Above: Challenge Program Executive Director Andrew McKnight says learning trade skills is just the beginning for many of his students.
By Bob Yearick
Selling books for a living is not for the weak-willed. But, if you love books, and if your dream is to spend your workday surrounded by them and by others who love them, you find a way.
That seems to be the credo of the area’s independent bookstore owners, a small, determined group that is dominated by women, including women of color. And although there may be no yachts or McMansions in their immediate futures, these entrepreneurs are making a living while serving their sometimes disparate communities.
The local scene also reflects a national picture that shows the independent bookseller is surviving and in some cases thriving despite presumably overwhelming competition from industry giants Amazon and Barnes & Noble. In their battle with those Goliaths, the indies’ slingshots are loaded with not-so-secret weapons: personal service and, in some cases, events.
The entire book industry was traumatized by the debut in 1995 of Amazon.com. Enticed by that technology giant, Americans abandoned bookstores and stayed home, buying their reading material online and leading many analysts to predict that Jeff Bezos’ creation would eat the mom-and-pop sector’s lunch.
But the indies proved resilient, and by 2009 had staged a comeback. Between that year and 2018, their numbers grew 49%, from 1,651 stores to 2,470.
By 2019, there were 2,524 independent bookstores — an all-time high. Then came the pandemic — the watershed event by which almost all industries are now measured — and the number dropped to 2,100 in 2021. But, aided by Gen Z, many of whom have eschewed e-books in favor of print versions, the segment again bounced back, registering a total of 2,506 stores last year.
Once the pandemic dust had settled, James Daunt, CEO of Barnes & Noble, sat down for a December 2022 interview with Yahoo! Finance and made two cogent observations about why both the behemoths and the indies had weathered the pandemic rather well.
First, he had this take on COVID-19: “Though we were rather terrified when it struck and our stores were closed, it actually turned out to be a fantastic thing for booksellers. People rediscovered reading. Lots, lots more people buying books, and more importantly from our perspective, doing so in bookstores, and our sales have boomed since.”
Then, contrary to the widespread belief that social media was killing reading, Daunt uttered this stunner: “No, social media has been our great friend.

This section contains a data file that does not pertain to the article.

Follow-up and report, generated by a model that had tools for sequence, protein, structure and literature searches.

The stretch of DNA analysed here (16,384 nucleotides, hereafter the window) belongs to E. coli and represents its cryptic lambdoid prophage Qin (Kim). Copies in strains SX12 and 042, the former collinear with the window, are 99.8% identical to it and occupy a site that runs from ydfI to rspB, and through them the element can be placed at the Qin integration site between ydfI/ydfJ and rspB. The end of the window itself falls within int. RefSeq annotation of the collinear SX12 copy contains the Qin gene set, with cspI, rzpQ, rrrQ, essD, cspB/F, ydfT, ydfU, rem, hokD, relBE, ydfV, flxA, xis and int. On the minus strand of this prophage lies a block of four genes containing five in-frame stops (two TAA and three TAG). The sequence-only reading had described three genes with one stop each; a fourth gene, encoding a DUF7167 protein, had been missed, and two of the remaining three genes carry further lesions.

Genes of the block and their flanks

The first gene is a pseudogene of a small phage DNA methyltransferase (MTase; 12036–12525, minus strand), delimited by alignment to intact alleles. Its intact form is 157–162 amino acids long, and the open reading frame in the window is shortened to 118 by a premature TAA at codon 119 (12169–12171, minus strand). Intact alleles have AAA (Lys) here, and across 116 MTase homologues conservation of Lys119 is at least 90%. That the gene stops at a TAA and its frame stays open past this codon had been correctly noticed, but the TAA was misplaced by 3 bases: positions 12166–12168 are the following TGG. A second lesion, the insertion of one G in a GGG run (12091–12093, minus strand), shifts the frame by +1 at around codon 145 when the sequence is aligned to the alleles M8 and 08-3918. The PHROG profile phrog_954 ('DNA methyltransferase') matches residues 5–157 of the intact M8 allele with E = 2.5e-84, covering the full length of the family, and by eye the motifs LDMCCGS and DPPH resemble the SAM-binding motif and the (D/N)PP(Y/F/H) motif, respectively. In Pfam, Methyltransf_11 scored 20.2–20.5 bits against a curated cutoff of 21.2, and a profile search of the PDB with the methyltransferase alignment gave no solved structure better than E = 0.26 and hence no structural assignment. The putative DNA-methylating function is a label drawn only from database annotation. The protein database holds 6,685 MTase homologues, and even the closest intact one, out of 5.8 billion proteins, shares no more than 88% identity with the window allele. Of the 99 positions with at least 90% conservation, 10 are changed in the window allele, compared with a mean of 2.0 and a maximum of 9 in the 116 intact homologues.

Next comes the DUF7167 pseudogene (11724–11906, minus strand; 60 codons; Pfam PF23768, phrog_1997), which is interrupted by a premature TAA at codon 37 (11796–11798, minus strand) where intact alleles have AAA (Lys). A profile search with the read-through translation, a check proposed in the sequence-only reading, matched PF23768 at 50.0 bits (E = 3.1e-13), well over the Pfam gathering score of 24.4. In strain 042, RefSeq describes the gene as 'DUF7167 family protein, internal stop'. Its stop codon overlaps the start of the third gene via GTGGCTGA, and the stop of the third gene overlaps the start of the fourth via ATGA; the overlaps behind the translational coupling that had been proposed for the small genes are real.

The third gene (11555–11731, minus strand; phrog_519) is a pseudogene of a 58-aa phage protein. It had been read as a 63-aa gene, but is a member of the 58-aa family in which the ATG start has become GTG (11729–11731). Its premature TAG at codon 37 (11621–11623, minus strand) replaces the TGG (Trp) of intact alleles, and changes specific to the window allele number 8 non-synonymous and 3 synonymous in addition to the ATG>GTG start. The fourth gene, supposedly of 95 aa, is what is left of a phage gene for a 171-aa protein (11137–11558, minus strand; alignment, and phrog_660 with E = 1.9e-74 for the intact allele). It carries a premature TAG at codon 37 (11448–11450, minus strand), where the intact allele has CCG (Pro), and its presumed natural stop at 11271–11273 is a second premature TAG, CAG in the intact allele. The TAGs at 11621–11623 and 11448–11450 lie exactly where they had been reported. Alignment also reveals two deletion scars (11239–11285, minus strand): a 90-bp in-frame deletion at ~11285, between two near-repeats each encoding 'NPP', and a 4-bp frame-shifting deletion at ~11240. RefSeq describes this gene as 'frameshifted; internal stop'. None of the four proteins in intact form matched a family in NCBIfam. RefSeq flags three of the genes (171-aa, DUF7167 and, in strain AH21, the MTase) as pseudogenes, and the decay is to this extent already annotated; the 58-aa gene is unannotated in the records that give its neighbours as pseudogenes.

Instagram causes people to pour into our bookstores. BookTok, part of TikTok, has been sensational. Posts that have appeared on that have been seen millions and millions of times and actually driven the sales of literally hundreds of thousands of copies of individual titles. So it’s been a fantastic boon to bookstores.”
Daunt is understandably sanguine about the industry since his company has a 17% share of the market, while Amazon has 23%. That leaves everyone else, including those 2,506 indies, scratching and clawing for the remaining 60%.
Formula for Success
Successful independent bookstore owners, according to a recent study by Ryan Raffaelli, a Ph.D. in the Harvard Business School, follow a formula he calls “the three Cs”:
1. Community: Owners promote the idea of consumers supporting their local communities by shopping at neighborhood businesses.
2. Curation: Owners focus on curating inventory that allows them to provide a more personal and specialized customer experience.
3. Convening: Owners promote their stores as intellectual centers for convening customers with likeminded interests, offering lectures, book signings, game nights, children’s story times, young adult reading groups, even birthday parties. Some bookstores routinely host more than 500 events a year.
Wilmington area booksellers, while giving some attention to Community, have homed in on Nos. 2 and 3 — Curation and Convening — in their efforts to prosper. And nowhere is that more evident than at Hockessin BookShelf, arguably the area’s reigning heavyweight, at least since the demise of Wilmington’s Ninth Street Bookshop in January of 2018.
Jen Blab took over the Lancaster Pike business last November from long-time owner Rebecca Dowling, who moved to California. An Alabama native, Blab and her family have lived in Kennett Square since 2004. She has worked in bookstores and libraries her whole life, and she and her two children were frequent visitors to the Hockessin store.
“I loved it and I wanted to keep it open,” she says.
Three part-time employees help her run a 900-square-foot space that is packed with new and used books and is the site of scores of events. On Thursday, Nov. 2, for instance, the store will host a conversation between Cynthia Newberry Martin, author of Love Like This and two other novels, and past Delaware Poet Laureate JoAnn Balingit. On Saturday, Nov. 18, the monthly Local Author Showcase will feature Kasey Fallon and Dave Stockar.
The store sponsors two book clubs: Eat Drink Read, which meets monthly at a local restaurant or café, and Mystery Lovers Book Club, whose members gather once a month at the store. Blab leads and chooses the books for both clubs.
Hockessin BookShelf has developed an extensive and loyal customer base since its inception, and, unlike other independents in the area, it’s open seven days a week.
“Business has been really good,” Blab says. “A lot of people want to support independent bookstores.”
Claymont’s Miss Em
Local support has been the lifeblood for Emlyn DeGannes’ MeJah Books, which is nestled in a strip mall at 2083 Philadelphia Pike. Known as “Miss Em” to her customers, the native of Trinidad and Tobago has been serving the Claymont area since 1998, beginning in the now defunct Tri-State Mall.
DeGannes, a published author, mentor and speaker who lives in Wilmington, says she has “a passion for books.”